The fact that, at the time the consent judgment was entered, the BAU had already been closed pursuant to an order by the Governor of Pennsylvania, and thus that the decree "merely embodied a commitment already in existence," Mayberry, supra, 418 F. Supp. at 671 n.2, does not alter our view of this case. Surely a party's conscious decision to suffer a judgment against it is not such a meaningless act that relief is available simply because a parallel commitment has been terminated by executive fiat.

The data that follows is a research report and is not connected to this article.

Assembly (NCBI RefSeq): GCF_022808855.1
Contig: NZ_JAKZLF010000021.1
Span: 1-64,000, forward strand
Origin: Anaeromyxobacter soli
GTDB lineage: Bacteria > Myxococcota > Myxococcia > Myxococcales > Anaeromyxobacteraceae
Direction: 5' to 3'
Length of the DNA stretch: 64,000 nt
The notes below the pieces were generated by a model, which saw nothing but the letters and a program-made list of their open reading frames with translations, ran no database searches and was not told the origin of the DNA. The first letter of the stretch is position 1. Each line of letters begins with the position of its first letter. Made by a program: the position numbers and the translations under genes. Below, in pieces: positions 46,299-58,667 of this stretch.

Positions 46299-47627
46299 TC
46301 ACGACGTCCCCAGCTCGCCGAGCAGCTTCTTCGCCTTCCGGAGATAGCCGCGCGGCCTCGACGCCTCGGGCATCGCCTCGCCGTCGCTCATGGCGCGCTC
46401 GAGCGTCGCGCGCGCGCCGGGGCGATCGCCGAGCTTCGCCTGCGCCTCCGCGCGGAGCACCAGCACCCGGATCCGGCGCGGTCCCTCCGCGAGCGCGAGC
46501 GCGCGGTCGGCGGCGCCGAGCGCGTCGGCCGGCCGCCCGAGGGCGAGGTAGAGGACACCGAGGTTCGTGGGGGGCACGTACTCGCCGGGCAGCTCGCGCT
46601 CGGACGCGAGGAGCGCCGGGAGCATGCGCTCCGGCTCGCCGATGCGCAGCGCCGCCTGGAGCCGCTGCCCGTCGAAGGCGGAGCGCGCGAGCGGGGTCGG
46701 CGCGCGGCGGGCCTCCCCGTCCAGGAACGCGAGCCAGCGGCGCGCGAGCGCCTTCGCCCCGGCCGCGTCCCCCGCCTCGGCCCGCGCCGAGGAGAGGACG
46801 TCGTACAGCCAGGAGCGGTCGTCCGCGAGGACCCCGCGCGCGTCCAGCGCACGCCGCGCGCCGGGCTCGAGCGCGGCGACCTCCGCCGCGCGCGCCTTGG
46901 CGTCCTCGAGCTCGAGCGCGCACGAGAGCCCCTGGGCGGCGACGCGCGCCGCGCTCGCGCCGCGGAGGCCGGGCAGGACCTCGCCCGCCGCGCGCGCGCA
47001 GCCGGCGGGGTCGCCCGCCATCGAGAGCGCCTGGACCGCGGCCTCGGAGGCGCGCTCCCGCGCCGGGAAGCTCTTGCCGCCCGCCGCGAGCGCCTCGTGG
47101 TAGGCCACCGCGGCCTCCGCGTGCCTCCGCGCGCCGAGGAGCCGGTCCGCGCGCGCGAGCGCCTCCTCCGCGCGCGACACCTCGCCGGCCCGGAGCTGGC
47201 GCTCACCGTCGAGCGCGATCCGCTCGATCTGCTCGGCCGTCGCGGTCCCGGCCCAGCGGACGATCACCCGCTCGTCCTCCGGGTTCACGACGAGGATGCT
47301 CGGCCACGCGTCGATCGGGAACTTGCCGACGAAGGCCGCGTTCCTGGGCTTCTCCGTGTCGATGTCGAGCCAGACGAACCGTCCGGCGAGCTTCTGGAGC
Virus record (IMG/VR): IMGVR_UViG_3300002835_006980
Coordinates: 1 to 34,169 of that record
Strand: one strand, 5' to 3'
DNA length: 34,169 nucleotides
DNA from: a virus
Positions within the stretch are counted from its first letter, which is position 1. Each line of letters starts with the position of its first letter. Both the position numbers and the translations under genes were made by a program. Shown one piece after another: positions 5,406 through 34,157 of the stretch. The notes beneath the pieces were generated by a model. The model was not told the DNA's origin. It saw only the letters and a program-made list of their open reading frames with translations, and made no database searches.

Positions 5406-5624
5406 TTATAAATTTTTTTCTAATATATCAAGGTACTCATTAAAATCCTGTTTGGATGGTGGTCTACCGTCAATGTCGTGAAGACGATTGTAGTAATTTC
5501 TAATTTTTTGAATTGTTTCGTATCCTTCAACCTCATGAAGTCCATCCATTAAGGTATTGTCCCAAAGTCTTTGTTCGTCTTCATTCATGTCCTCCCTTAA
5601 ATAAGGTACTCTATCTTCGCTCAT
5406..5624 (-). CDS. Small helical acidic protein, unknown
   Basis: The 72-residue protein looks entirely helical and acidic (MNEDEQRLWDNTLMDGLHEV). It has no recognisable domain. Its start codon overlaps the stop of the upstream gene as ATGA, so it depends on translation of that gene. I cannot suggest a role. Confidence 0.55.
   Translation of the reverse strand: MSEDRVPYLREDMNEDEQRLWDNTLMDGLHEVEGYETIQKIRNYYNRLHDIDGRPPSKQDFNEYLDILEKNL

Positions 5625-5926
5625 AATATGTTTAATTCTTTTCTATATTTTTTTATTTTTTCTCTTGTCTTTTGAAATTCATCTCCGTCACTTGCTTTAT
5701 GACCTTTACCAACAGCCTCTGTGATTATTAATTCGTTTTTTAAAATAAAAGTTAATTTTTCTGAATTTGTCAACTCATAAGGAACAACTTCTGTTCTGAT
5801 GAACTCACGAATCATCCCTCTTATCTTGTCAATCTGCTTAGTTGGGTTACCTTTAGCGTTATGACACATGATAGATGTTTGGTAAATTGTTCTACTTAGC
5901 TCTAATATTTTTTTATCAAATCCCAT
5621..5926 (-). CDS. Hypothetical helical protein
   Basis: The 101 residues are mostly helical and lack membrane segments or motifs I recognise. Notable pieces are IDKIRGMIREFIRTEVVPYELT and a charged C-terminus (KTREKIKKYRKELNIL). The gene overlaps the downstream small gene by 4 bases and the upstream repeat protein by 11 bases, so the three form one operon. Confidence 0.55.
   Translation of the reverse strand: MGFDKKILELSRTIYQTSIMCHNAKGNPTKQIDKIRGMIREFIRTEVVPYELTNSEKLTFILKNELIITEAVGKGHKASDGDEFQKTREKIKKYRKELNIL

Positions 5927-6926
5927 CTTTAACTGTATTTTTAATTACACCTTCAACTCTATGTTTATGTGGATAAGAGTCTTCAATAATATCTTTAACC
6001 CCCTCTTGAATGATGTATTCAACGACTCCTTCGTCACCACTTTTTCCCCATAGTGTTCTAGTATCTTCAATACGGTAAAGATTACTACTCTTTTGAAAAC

We might end our discussion at this point, but for the district court's lengthy analysis of the impact of Rizzo v. Goode, 423 U.S. 362, 96 S.Ct. 598, 46 L.Ed.2d 561 (1976) upon this case. After describing Rizzo as precluding federal judicial review of the "managerial" decisions of state prison officials, "[a]bsent a violation of the Eighth Amendment's prohibition of cruel and unusual punishments," Mayberry, supra, 418 F. Supp. at 672, the district court indicated a strong inclination to deny injunctive relief were it faced with a de novo proceeding. The issue in this case does not involve the propriety of federal intervention into the "day-to-day administration of prison affairs . . . ," id., a fact that the district court somewhat grudgingly recognized. That issue has already been resolved by the parties at bar. Even assuming that Rizzo represents a change in the state of the law from the time the consent judgment was entered, it is settled that Rule 60(b)(5) does not contemplate relief based merely upon precedential evolution. Lubben v. Selective Service System Local Bd. No. 27, 453 F.2d 645, 650 (1st Cir. 1972); Wallace Clark Co., Inc. v. Acheson Industries, Inc., 394 F. Supp. 393, 395 n.4 (S.D.N.Y.), aff'd, 532 F.2d 846 (2d Cir.), cert. denied, 425 U.S. 976, 96 S.Ct. 2177, 48 L.Ed.2d 800 (1976). Thus the only issue before this Court is whether the Commonwealth offered sufficient evidence of circumstances so exceptional that our overriding interest in the finality and repose of judgments may properly be overcome. No such evidence having been adduced, the district court's vacation of the January 1973 consent judgment was without the limits of its discretion. Accordingly, we reverse and remand to the district court with directions to vacate its order of August 24, 1976.